The Jesus and Mary Chain sound ‘Just Like Honey’ at Riviera Theatre

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The Jesus and Mary Chain sound ‘Just Like Honey’ at Riviera Theatre

Brothers Jim (vocals) and William (Guitar) Reid formed The Jesus and Mary Chain in 1983 and composed all of the band’s six albums, starting with 1985’s Psychocandy. 

Brothers Jim (vocals) and William (Guitar) Reid formed The Jesus and Mary Chain in 1983 and composed all of the band’s six albums, starting with 1985’s Psychocandy. 

kelly Wenzel

Brothers Jim (vocals) and William (Guitar) Reid formed The Jesus and Mary Chain in 1983 and composed all of the band’s six albums, starting with 1985’s Psychocandy. 

kelly Wenzel

kelly Wenzel

Brothers Jim (vocals) and William (Guitar) Reid formed The Jesus and Mary Chain in 1983 and composed all of the band’s six albums, starting with 1985’s Psychocandy. 

By Arts & Culture Editor

The United Kingdom is responsible for producing several famous sibling-based rock bands throughout the last few decades, including Dave and Ray Davies of The Kinks, Jonny and Colin Greenwood of Radiohead and Noel and Liam Gallagher of Oasis. Debatably the most important sibling-fronted act to come out of the British Isles is distortion-backed pop group The Jesus and Mary Chain. Led by brothers Jim (vocals) and William Reid (guitar), the band played a packed show on May 5 at the Riviera Theatre, 4746 N. Racine Ave.

The Jesus and Mary Chain, originally hailing from East Kilbride, Scotland, is best known for its 1985 debut album Psychocandy, which the band has been playing in its entirety on its tour in honor of the album’s 30th anniversary. Psychocandy marked the dawn of a newer, darker brand of pop music that would encapsulate the 1980s and survive to this day, particularly with the album’s opening track “Just Like Honey,” which samples the iconic drum beat of “Be My Baby” by The Ronettes—perhaps producer Phil Spector’s magnum opus—and pairs it with melty, distorted guitar strums that sum up The Jesus and Mary Chain sound.

The group took to the stage with audible praise from the audience and began its Chicago performance with minimal greetings, playing “April Skies” off of its second album, 1987’s Darklands. Standing stoically in place with Jim Reid at the front of the stage, The Jesus and Mary Chain matched the melancholic enthusiasm of its mostly somber, poorly lit music videos of the 1980s. This was a far cry from the band’s earlier shows, which were loud, fast and rough, reportedly lasting only 20 minutes and often ending in violence.

To combat the band’s more mature, less aggressive stage presence, the first part of the performance was overrun with billowing smoke and persistent, mind-numbing strobe lights.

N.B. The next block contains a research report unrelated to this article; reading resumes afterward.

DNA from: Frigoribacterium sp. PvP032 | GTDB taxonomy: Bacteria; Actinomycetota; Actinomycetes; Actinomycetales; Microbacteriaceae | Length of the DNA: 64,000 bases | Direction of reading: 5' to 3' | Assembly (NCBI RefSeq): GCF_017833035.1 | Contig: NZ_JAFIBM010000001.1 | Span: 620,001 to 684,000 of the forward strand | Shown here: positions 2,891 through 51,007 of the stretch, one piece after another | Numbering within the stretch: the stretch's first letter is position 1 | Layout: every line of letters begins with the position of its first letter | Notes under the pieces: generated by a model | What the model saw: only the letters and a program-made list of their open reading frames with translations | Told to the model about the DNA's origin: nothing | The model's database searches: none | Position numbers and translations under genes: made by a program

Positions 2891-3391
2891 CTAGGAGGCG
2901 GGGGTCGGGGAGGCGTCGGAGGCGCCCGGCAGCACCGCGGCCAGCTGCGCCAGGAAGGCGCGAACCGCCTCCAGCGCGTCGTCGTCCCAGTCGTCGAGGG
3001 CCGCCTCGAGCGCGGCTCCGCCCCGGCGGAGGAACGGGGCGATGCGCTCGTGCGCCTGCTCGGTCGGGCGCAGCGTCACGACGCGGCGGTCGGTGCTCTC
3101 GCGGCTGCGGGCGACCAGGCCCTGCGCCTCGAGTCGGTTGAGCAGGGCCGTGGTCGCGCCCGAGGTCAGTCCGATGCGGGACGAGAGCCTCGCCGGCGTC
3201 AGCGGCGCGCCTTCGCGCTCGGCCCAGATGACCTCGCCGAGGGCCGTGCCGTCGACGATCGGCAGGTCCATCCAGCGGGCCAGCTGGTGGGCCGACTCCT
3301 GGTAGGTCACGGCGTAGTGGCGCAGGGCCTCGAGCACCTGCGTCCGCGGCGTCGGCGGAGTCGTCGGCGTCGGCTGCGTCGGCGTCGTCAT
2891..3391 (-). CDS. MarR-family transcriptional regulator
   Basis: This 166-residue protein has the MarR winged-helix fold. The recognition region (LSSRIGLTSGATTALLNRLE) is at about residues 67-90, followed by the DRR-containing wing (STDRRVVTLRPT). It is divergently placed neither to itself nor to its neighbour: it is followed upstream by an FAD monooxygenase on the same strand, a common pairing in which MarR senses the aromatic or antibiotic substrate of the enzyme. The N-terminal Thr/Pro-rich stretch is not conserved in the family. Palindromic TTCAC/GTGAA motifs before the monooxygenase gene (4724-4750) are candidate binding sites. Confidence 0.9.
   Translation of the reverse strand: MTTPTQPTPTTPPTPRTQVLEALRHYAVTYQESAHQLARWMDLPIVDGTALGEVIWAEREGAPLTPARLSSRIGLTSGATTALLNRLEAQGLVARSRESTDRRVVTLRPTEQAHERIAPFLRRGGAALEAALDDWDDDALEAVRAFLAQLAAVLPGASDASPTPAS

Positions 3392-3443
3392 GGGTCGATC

After a brief intermission, The Jesus and Mary Chain returned to the stage to the “Boom, boom boom, tish,” drum beat of “Just Like Honey,” producing an eruption from fans, many of whom have waited a lifetime to see it performed live. Flooded with a red aura from the stage lights, The Jesus and Mary Chain dreamily released its dark love song upon the audience, most of whom were singing along. 

Without much pause, The Jesus and Mary Chain played through Psychocandy, with all 14 tracks sequenced in the order of the album and perfectly echoing it in the process. From the buzzing “Taste the Floor” to the haunting “Sowing Seeds,” the Reid brothers led the crowd hand-in-hand through the gloomy, melodic masterpiece the fans came to see.

Jim Reid seldom spoke during the performance. He finally broke his silence to thank the audience for joining the band in the playing of the iconic album before introducing “It’s So Hard,” the closing tune of both the album and the show.

Playing historic albums front to back has been somewhat of a trend in the last few years for many bands who have entered the reunion phase of their careers. Psychocandy is one of those albums fans of underground music can now mark off of their “performances to see” list. 

The Jesus and Mary Chain formed like many other bands of the late 1970s and early 1980s in the United Kingdom, picking up their instruments after seeing revolutionary and infamous performances of bands such as the Sex Pistols. In turn, The Jesus and Mary Chain and Psychocandy did the same for another generation of musicians. 

The importance of Psychocandy and albums like it can still be seen today in groups who borrow the dark, pop sensibilities such as Trailer Trash Tracys and Gliss, and the appreciation of the fans who witnessed a monumental album performance at the Riviera Theatre.  

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